"When the well is dry, we know the worth of water.” This quote from Benjamin Franklin is all too true, especially in drought-stricken areas. Wells are supplied by groundwater that exists virtually everywhere below Earth’s surface. In some places like wetlands, groundwater nearly reaches the surface. In other locations, it may be hundreds of feet down and reachable only by drilling a well. Groundwater runs deep—continuing downward for as far as mankind has ever drilled, at depths greater than 30,000 feet—nearly six miles. But the water is always there and always slowly flowing through the sediments and rock layers of Earth at an average rate of 50 feet per year.
A recent report published in Nature by a team of English and Canadian scientists claims to have discovered groundwater supposedly over one billion years old in a deep mine in Canada.1 The scientists sampled water from fractured crystalline rocks from the Timmins Mine 1.5 miles below the surface. The Timmins Mine is located in Ontario, Canada, within what’s called the Precambrian Shield, and it produces copper and zinc from an ancient volcanic complex.
The study authors claim to have found this “trapped” water in free-flowing fractures, discharging from exploration boreholes at the bottom of the mine. At the same time, they measured groundwater flow rates through these fractures that were greater than a half-gallon per minute, making it extremely hard to support the claim that the water was truly “trapped.” Yet, based on trace amounts of neon and xenon gases dissolved in the water, and the specific isotopes they found, the researchers calculated that the water was isolated below the surface for at least one billion years. The scientists never considered other sources for the unusual noble gases found in the mine water. Instead, they used evolutionary assumptions and models of Earth’s supposed ancient atmospheric composition to back their assertions.
Other authors have made claims of trapped ancient water systems within fluid inclusions, or water surrounded by mineral crystals.2 There are even pockets of Ice Age water, a mere few thousand years old, trapped in low-permeable clays in Michigan that have become partially mixed with modern water.3 But even the authors of the present study were surprised by their “extraordinary” discovery of trapped, billion-year-old water flowing freely from fractures in the mine.1
Contrary to the claims made by these scientists, trapping water in fractured rocks is impossible. One of the major problems with the disposal of nuclear waste is finding a rock medium that can contain the spent fuel. Millions of dollars have been exhausted studying nuclear waste disposal in volcanic or igneous rock systems. Unfortunately, all of the proposed sites have shown evidence of continual groundwater flow through the rocks. These studies have demonstrated that fractured rocks even at great depths—more than one mile—commonly have high groundwater flow rates.4 Because of these reports, groundwater flow in fractured rock is usually approximated as a porous medium, similar to sandstone, and follows general groundwater flow equations such as Darcy’s Law.4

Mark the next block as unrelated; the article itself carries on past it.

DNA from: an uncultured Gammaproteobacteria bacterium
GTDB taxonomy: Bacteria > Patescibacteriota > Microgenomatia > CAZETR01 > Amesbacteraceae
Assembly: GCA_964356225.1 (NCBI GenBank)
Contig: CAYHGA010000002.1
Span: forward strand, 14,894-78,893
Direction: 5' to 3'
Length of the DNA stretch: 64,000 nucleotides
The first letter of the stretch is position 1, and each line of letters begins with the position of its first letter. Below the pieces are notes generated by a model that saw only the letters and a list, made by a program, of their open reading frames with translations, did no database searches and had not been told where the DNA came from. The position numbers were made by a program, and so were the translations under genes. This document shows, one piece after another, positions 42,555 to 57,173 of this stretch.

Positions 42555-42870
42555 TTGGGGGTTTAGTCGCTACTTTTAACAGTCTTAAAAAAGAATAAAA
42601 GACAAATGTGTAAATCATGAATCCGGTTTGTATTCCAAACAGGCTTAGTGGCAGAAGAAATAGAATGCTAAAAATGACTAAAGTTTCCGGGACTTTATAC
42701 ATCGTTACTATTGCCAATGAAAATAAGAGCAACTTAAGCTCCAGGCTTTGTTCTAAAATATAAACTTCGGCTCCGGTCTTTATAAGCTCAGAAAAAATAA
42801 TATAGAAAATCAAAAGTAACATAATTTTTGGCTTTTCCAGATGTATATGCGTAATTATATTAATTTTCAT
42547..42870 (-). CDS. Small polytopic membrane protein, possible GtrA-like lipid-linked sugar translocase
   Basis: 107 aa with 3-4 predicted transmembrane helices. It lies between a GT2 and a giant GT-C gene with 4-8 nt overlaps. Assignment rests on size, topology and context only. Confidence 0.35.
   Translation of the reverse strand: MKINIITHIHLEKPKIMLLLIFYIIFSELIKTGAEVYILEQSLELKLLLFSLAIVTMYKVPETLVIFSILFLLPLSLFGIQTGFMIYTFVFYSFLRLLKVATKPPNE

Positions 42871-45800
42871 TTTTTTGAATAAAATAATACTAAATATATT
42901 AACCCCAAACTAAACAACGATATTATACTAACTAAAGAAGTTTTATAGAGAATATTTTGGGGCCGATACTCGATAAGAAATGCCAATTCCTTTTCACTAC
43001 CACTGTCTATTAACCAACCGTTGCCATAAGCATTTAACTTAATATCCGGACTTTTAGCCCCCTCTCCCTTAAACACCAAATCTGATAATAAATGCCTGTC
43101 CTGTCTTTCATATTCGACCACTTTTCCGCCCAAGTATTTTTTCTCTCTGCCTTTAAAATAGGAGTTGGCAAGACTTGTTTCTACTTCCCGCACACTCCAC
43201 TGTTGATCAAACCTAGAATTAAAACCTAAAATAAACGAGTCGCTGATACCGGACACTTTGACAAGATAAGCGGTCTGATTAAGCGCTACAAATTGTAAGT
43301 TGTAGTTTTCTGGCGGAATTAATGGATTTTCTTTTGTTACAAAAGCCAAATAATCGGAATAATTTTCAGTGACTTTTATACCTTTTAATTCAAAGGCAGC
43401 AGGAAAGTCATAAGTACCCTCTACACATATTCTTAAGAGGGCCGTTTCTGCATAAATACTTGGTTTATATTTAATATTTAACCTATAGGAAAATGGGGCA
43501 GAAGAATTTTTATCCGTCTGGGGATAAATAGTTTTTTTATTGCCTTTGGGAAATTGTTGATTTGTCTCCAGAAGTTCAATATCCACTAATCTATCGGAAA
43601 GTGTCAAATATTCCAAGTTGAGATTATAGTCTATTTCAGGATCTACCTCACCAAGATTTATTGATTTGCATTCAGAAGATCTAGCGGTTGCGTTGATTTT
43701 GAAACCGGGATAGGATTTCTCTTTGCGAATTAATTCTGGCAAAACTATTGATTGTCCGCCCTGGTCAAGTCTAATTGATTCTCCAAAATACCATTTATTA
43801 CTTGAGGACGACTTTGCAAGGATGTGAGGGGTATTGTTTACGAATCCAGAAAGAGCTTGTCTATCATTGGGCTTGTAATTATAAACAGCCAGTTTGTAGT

Finally, these nature scientists never considered the almost unlimited interactions that take place at depth between the mobile water and the fractured rock surfaces that may be capable of trapping or dissolving unusual noble gases. Physical reactions between the water and the rocks, like adsorption and diffusion, and chemical reactions, like ion exchange and precipitation, continually alter the dissolved composition of all groundwater systems regardless of depth.4 One possible solution to the mysterious presence of these noble gases was recently published in a subsequent paper in Nature Geoscience.5 This group of scientists found that noble gases like neon and argon can become trapped within common crystal igneous minerals found in the crust, just like the findings at the Timmins Mine. Groundwater flowing through the fractured rock and contacting these minerals could then release the gases and, consequently, explain their unusual occurrence in the mine.
Belief in an evolutionary origin for Earth, its atmosphere, and its ancient age has led many scientists astray from God’s truth. This paper is another example of outlandish claims based on evolutionary assumptions—it ignores continual groundwater flow. Water is always moving through the ground, which actively alters the water chemistry. As scientists and engineers search for places to dispose of nuclear waste, they are finding that everything leaks.
- Holland, G., et al. 2013. Deep fracture fluids isolated in the crust since the Precambrian era. Nature. 497 (7449): 357-360.
- Lippmann-Pipke, J., et al. 2011. Neon identifies two billion year old fluid component in Kaapvaal Craton. Chemical Geology. 283 (3-4): 287-296.
- Clarey, T. L., et al. 1999. Isotopic and geochemical evidence for mixing of Late Pleistocene and Holocene-age waters within a regional confined aquifer, Bay County, Michigan. 33rd Annual North-Central Section Meeting. Geological Society of America. Abstracts with Programs, p. A-9.
- Neretnieks, I. 1993. Solute transport in fractured rock-applications to radionuclide waste repositories. In Flow and Contaminant Transport in Fractured Rock. Bear, J., C.-F. Tsang, and G. de Marsily, eds, London: Academic Press, Inc., 39-127.
- Jackson, C. R. M., et al. Noble gas transport into the mantle facilitated by high solubility in amphibole. Nature Geoscience. Posted on nature.com June 16, 2013, accessed June 17, 2013.
* Dr. Clarey is Research Associate at the Institute for Creation Research and received his Ph.D. from the University of Western Michigan.
Cite this article: Clarey, T. 2013. Ancient Water Claims Have Leaks. Acts & Facts. 42 (8): 9.